Dev Music Review

Director(s) :
Govind Nihalani
Music Director(s) :
Aadesh Shrivasta
Releasing On :
Amitabh Bachchan, Fardeen Khan, Kareena Kapoor.
By By Subhash K. Jha
2004-05-14T00:00:00 12:00:00 AM
Download Dev WallpapersHow does it feel to be an Indian Muslim? To be constantly told by rabid elements that your real home is across the border?

Govind Nihalani's latest work -- in many ways far more powerful than his other soul-searing comments on the stench of a rotting social structure -- is arguably his best.

He constantly crosses borders in search of a creative home and pitches his tent in a twilight zone where no filmmaker dares to venture.

A Nihalani film isn't easy to watch. "Dev" raises even more complex issues than "Ardh Satya" about the politicisation of the police force and "Drohkaal" on the politics of terrorism.

It talks about the isolation of the Indian Muslim in the post-Gujarat scenario when even secularists turned partisan, rendering the country's law machinery into a den of horrific violence.

Debutante writer Meenaxi Sharma's screenplay is one of the most powerful pieces of writing we've seen for Hindi cinema. The script creates a sense of all-consuming foreboding whereby the polarisation of Hindus and Muslims becomes more than a power game.

It becomes symptomatic of Indian society where wily politicians, regardless of their religion, are a law unto themselves.

Download Dev WallpapersAt the centre of this terrible power structure are the two cops Dev Pratap Singh (Amitabh Bachchan) and Tejinder Khosla (Om Puri).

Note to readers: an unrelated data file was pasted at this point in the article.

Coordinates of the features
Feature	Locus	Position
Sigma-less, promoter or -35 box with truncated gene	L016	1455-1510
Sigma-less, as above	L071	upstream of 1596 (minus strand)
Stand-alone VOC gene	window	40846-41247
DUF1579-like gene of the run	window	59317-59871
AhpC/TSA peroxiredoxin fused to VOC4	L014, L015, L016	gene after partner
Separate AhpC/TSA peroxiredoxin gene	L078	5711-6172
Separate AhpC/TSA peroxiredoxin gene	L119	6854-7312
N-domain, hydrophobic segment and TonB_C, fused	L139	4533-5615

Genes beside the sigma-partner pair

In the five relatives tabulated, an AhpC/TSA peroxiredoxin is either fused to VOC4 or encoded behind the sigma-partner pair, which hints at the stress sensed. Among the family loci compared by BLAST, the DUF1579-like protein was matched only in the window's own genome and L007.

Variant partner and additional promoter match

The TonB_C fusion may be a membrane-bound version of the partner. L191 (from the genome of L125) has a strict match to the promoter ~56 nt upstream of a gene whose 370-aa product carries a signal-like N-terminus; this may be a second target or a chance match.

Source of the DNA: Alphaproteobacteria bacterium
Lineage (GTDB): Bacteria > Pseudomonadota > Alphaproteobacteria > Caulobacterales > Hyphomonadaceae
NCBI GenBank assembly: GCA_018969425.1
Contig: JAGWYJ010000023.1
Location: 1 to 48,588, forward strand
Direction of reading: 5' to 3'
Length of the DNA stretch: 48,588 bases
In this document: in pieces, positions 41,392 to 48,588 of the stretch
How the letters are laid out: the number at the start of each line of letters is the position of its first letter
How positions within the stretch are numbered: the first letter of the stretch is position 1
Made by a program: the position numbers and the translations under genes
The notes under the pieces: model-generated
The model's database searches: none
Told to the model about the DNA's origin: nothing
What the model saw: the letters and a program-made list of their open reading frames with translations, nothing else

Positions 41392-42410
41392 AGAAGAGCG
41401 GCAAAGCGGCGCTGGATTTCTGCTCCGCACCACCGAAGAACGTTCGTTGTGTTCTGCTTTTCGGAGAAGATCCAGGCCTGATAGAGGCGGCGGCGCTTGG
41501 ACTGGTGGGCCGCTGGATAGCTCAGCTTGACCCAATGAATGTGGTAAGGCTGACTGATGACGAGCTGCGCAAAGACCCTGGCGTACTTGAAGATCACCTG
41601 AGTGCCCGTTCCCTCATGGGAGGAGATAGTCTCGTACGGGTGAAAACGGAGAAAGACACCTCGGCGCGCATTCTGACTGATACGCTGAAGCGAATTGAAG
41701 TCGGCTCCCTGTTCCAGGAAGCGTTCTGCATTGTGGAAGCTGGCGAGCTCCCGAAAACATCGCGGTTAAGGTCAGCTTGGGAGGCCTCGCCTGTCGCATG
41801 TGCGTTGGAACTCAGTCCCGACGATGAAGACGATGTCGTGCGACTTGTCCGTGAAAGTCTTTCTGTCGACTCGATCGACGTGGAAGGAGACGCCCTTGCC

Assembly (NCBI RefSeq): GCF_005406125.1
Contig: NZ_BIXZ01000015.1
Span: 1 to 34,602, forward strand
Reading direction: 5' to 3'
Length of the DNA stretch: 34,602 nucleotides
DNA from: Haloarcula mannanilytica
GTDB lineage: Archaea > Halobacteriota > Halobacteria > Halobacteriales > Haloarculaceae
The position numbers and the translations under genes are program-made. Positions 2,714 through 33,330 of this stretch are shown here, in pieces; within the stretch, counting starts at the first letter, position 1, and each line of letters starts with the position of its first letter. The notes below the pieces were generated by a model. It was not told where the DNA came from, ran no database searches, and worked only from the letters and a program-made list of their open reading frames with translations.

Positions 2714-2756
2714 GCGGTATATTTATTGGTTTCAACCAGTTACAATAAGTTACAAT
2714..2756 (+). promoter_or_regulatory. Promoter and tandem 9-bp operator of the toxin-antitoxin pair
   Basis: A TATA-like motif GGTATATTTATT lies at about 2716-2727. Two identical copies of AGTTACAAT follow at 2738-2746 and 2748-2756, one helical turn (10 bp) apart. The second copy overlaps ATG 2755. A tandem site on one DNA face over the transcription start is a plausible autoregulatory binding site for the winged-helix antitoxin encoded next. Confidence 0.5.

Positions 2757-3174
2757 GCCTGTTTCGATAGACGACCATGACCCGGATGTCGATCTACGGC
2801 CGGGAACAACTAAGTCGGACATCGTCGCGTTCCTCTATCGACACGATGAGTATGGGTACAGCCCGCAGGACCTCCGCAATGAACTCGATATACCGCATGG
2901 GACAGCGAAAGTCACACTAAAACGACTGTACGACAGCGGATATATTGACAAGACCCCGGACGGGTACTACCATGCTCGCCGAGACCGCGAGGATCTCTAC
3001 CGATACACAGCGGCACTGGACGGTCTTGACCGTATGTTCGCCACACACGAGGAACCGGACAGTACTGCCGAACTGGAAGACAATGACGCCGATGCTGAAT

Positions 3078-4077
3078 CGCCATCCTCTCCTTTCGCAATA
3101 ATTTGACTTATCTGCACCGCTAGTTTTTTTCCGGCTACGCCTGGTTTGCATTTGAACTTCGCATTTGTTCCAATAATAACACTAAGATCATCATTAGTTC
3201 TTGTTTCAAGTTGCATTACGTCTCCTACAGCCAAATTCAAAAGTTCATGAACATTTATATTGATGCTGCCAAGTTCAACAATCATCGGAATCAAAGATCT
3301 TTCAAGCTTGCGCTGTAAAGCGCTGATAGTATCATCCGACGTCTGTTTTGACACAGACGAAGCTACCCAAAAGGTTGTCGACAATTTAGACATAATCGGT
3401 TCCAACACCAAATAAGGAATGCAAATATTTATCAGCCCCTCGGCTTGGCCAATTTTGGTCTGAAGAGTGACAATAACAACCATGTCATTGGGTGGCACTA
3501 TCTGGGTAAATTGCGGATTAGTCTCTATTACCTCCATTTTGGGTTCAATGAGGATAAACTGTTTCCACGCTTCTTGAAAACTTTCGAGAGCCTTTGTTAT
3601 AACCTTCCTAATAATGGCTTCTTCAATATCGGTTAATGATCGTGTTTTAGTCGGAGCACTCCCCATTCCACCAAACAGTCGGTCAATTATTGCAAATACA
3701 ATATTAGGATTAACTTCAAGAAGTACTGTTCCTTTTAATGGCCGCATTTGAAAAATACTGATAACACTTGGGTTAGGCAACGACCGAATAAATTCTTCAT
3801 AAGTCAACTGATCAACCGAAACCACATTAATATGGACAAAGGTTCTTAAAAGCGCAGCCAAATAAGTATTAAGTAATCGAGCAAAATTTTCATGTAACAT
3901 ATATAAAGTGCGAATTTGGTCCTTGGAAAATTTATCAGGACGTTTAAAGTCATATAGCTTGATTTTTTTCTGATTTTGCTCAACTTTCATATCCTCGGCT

Dev's gradual realisation of the enormity of the politics behind the isolation of minorities in India is delicately though powerfully weighed against the uni-dimensional, almost villainous communalisation of Tejinder.

"They're all terrorists," Tejinder believes and lives by his communal credo to the end.

Dev, the film's lynchpin and conscience, has a much tougher job in going by his inner voice's steep graph. He starts off as a disgusted cop who point-blank shoots a sneering insulting young man who, by chance, turns out to be Muslim. In fact, the Bachchan-Shrivastava combination has always worked. Whether it was "Major Saab" or "Baghban", and now "Dev", the composer seems to be fully inspired when he tunes for a Bachchan-starrer.

"Dev" isn't an album about gimmicky sounds. It pulls no punches and yet manages to wallop a smart blow on our sensibilities. The versatile and virile sounds include my favourite track "Allah hoo" where Shrivastava gets vocally ambitious in the seductive company of the inimitable Asha Bhosle.

Seldom in any of her recent songs has Bhosle sounded so richly articulate. The first rate arrangement of the track makes "Allah hoo" a rhythmic tour de force.

From the splendid Sufi sounds that open "Rang deehni", where Kailash Khare sings the secular words of Nida Fazli about the "Bhagvad Gita" co-existing with the "Quran", to the closing moments when the soundtrack reaches an unforgettable climax, "Dev" is a musical odyssey that we aren't likely to forget in a hurry.

This is certainly one of the finest, most vibrant albums of the season, and one that proves Aadesh Shrivastava to be one of our most worthy composers.

For the discerning listener, "Dev" is a once-in-a-blue moon experience. As for those who just want to hear Kareena croon, there's a treat waiting for you. Go for it.